The falls at the West Mill are nearly dry this year. I can remember them drying completely in the late 1970s, I'm getting old.

Above the falls the river is locally known as 'the tubby'. Generations of local children, myself included, learned to swim here. Just to the right of this picture used to be a tree stump with a diving platform crudely nailed on. The water was deep then and was known as 'the millers hole'.
Local legend told of a miller driving his cart along the track when the whinnying horse reared and bolted.  He fought frantically to hold the horse but all was lost as they plunged into the water and drowned. As kids we would sit on the river bank daring each other to dive deeper to see if the ghostly figure of the drowned miller was still there. Mouth open with sightless eyes reaching hopelessly for the light on the distant surface.
We never did see him, and kids don't swim there anymore, so I guess he's at peace now.

After Haddington I went along the old railway line to Longniddry. The blaze track is getting really sandy with all the hot dry weather. Last year the council had to dig the drain on the left side of the track to deal with all the rain we were having.

Along the coast and past the lagoons at Musselburgh where the swans were gathering for some unseen food.

Portobello promenade is in the distance on the right of this photo. It was absolutely packed and it was great to see so many people enjoying an old fashioned day at the beach. I didn't take any photo's because you just don't nowadays. The cycle computer was saying thirty two miles so I figured it was time for lunch and then to turn around and start for home.

The route back was pretty much the same as the route out but the sea breeze that had got up made the going a bit tougher. I just took my time and enjoyed the sun.

Back inland and the last climb was back over Pencraig with Traprain in the distance.

It was as good a place as any to lie back and enjoy the day before the last push home. Sixty three miles in total and next weekend will have to be a shorter cycle.

Saturday, 13 July 2013

Border Raid into Northumberland

The cracking weather continues and despite developing a bit of a cold I grabbed the day and drove down the coast to Berwick.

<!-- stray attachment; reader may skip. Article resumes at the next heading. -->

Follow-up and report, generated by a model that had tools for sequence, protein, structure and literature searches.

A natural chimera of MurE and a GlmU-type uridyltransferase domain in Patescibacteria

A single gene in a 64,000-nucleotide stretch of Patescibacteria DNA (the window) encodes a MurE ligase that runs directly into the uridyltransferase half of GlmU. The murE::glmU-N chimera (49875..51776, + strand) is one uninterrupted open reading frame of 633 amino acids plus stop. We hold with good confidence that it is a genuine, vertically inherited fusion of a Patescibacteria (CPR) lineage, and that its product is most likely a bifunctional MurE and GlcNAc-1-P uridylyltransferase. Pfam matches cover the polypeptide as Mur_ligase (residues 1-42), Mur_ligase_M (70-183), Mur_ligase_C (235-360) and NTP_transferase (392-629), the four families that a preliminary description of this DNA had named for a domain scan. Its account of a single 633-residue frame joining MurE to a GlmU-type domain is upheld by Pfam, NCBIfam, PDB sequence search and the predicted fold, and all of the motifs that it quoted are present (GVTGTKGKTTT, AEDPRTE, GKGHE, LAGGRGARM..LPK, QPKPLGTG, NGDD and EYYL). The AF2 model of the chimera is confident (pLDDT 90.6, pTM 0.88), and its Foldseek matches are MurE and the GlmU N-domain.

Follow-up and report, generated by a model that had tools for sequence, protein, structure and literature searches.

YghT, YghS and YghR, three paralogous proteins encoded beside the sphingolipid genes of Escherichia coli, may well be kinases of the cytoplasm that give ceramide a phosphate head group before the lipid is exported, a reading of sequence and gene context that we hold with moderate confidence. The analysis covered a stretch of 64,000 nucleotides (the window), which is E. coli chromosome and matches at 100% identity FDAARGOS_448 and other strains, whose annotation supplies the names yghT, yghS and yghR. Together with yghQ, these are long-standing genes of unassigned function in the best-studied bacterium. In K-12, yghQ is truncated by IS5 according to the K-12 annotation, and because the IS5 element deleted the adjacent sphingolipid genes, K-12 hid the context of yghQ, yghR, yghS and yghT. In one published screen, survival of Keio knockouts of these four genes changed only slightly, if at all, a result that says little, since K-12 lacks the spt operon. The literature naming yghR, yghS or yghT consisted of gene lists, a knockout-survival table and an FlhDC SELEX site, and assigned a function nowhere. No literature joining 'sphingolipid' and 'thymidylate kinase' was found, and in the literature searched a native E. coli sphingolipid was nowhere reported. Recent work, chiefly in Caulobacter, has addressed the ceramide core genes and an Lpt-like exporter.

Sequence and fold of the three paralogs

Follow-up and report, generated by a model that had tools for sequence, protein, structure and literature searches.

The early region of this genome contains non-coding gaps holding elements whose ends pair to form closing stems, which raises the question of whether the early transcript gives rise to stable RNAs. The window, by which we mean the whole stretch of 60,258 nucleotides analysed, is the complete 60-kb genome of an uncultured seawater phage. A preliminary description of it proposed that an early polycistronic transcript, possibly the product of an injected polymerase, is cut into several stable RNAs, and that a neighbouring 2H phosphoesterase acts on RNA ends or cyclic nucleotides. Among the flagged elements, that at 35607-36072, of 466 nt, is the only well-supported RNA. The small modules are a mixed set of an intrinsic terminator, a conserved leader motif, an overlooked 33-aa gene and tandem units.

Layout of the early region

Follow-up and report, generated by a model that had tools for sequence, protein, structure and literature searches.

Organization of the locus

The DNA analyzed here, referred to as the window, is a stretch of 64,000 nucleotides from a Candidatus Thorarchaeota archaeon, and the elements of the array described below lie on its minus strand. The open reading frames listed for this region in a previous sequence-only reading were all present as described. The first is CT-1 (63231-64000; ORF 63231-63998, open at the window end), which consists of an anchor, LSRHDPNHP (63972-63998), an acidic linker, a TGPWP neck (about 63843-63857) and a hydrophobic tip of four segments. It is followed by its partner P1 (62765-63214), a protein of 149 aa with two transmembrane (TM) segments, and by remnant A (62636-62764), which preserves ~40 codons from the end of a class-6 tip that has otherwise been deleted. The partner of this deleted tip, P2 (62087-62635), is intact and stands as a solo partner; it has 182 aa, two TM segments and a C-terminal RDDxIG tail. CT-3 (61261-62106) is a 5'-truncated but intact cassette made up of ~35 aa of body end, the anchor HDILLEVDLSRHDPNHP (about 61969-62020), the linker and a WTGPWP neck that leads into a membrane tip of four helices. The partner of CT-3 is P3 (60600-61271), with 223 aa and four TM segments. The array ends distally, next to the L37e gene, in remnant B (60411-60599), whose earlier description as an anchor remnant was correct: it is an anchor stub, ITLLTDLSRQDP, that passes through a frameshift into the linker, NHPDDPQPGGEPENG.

There are a few national cycle routes pass through Berwick and I had a plan to link up various bits into a day out. Unfortunately I didn't have a map but I thought I would be able to find my way somehow.

I started out cycling west following the route of the river Tweed and the border between England and Scotland. This photo is taken in England. Just ahead in the dip, and you're in Scotland.
The forecast had been for some cloud cover and lower temperatures. No chance, It was roasting and I was enjoying every minute of it.

I can think of a certain little dog who would love to attend the above production.

After about eight miles the road dropped and crossed the Tweed for the first of many times today. The Union Suspension Bridge dates back to 1820 when it was the longest suspension bridge in the world.

Captain Samuel Brown, who designed it, pioneered the concept of using iron rods instead of cable. Its still holding firm although it is only rated for two tonnes gross weight.

Into England again and it was a steep old climb back up from the bridge, past the honey farm, and back onto the main road.

On and on, in the stifling heat. There wasn't even much bird life around. Everything was taking it easy apart from a fool on a LHT. Norham Castle is a great old ruin. It dates back to the 12th century and changed hands numerous times during the wars between England and Scotland.

It's a steep descent into Norham village and then the inevitable climb back out before following miles of empty roads stretching out through the fields of barley.